Anthony Mary Claret was born in Spain in 1807 and like his father, he was a weaver by trade. In his spare time, he studied Latin, and at the age of 22, he entered the seminary, and was ordained in 1835. He became a Jesuit novice in Rome, but failing health prompted his return to Spain.
He preached and worked in the missions for 10 years and then, in 1849, he founded the Congregation of Missionary Sons of the Immaculate Heart of Mary, or Claretians. Shortly thereafter, he was named Archbishop of Santiago, Cuba. While he was archbishop, he successfully reformed the clergy and the laity.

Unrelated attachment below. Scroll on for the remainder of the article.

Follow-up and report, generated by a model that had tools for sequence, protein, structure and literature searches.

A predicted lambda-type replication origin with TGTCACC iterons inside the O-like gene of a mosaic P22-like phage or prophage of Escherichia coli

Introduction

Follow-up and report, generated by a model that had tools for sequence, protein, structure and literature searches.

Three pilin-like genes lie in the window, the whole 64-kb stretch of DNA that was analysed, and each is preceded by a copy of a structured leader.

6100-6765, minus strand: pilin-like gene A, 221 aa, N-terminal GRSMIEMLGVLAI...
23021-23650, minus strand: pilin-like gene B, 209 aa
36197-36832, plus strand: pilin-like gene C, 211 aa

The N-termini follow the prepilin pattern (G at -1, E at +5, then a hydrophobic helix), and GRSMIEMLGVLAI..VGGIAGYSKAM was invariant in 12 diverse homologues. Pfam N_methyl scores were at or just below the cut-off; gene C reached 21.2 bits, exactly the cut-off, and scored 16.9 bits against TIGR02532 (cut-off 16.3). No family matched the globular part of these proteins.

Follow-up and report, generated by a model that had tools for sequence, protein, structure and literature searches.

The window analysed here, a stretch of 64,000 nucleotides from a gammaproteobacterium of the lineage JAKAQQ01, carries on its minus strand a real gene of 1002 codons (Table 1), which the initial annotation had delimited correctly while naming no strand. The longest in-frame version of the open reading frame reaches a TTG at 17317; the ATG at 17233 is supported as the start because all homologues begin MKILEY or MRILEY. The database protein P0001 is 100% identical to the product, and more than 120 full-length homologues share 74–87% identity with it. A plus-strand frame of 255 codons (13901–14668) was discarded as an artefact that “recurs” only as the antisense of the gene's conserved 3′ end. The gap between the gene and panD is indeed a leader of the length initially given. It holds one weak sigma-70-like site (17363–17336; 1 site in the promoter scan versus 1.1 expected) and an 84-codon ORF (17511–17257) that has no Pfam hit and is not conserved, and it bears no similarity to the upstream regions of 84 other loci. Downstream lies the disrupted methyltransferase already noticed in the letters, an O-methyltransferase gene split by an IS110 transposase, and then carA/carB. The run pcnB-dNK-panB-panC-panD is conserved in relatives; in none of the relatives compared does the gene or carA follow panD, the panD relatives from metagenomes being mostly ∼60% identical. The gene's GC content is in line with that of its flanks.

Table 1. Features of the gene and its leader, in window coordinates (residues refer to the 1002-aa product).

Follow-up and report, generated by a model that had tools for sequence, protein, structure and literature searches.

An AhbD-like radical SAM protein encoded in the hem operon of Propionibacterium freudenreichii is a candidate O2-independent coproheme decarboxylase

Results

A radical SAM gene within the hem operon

He returned to Spain to be Queen Isabella II’s confessor, to oversee his congregation, and to publish a few books. Anthony was committed to the Claretians’ mission of evangelization, especially through publishing.
In 1868, due to the Spanish Revolution, both Archbishop Claret and the queen were exiled. After the First Vatican Council, the archbishop sought refuge at a Cistercian monastery in France, where he died in 1870. He was canonized in 1950. His feast day is Oct. 24.
Parts of this story were taken from Catholic News Agency.